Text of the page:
BOMARZO: 16th century landscape populated by strangely compelling creatures, gods & goddesses carved in stone.
Designed by the architect, Pirro Ligorio, the Sacred Wood of Bomazo is a marvelous Mannerist landscape in the province of Viterbo, in Italy’s Lazio region, north of Rome.
Imagine the astounding undertaking Orsini entered into when creating the setting, and you’ll be swept away by the Prince’s dramatic intent, unfolding along intricate, convoluted pathways: A theme that effectively rejected the dominant geometric formality common to gardens of the period.
At the entrance to the woodland, an invitation is etched: “You who go wandering about the world in search of sublime and awesome wonders, come here where horrendous faces, elephants, lions, bears, ogres and dragons are to be seen.”
Bomarzo .. ‘Giants Do Battle’ – Hercules Photo: Copyright Alice Joyce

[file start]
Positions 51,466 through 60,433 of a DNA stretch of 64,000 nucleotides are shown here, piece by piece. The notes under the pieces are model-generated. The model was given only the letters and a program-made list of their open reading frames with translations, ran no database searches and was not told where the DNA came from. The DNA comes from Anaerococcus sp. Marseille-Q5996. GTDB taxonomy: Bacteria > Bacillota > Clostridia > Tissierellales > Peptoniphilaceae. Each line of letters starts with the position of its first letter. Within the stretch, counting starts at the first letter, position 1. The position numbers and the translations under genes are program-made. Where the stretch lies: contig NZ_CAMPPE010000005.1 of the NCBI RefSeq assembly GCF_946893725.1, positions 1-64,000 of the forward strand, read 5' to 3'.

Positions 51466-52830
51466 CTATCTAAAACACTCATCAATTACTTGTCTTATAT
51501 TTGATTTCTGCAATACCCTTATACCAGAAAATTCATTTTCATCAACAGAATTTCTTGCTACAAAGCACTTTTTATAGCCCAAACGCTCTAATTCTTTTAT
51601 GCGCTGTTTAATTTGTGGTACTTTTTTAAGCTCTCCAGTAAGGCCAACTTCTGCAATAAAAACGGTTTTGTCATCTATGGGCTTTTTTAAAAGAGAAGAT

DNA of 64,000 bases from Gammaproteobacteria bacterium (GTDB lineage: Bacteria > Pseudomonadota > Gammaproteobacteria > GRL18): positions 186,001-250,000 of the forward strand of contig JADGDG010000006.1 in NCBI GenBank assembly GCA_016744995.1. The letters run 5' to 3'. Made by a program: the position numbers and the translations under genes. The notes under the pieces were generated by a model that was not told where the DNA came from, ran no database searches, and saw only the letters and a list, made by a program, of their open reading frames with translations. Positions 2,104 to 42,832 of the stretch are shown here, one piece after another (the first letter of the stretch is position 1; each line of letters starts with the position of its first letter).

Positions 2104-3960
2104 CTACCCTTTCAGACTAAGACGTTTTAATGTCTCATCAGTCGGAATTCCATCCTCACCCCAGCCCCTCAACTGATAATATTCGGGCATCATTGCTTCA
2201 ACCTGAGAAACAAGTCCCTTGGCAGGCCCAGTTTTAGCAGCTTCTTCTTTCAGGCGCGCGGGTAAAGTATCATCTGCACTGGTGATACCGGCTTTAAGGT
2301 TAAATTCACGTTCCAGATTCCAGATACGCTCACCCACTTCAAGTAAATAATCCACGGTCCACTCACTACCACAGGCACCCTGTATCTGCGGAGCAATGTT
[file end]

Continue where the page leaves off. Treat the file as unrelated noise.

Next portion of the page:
In Visions of Arcadia (Aurum, 1996), author, May Woods reflects on the playful character of one of Bomarzo’s stone beasts. The representation of a dragon with the wings of a butterfly. Woods suggests the depiction rests not in the creature’s diabolical nature, but rather in the role of protector, ensuring the purity of the fountain’s water.
Huge in size and impact, the landscape’s much photographed Ogre, albeit engaged in an apparent scream, houses a table where you can enjoy a picnic.
In the exoticism of the garden plan, Orsini presented an alluring challenge to his aristocratic guests – artists, poets, and intelligentsia of the day, to decode the symbolism, the iconography of mermaids, gods and monsters, populating the extravagantly theatrical setting.
An elephant about to kill a warrior; a mythological Orc carrying a globe of the world, topped by a model of the Orsini castle:
Melancholic or humorous?
Horrific or strangely compelling?
At the culminating point in one’s journey through the Prince’s gardens, you come upon a building of subtle beauty, The Temple of Divine Love; built in memory of Orsini’s wife by renowned architect, Vignola.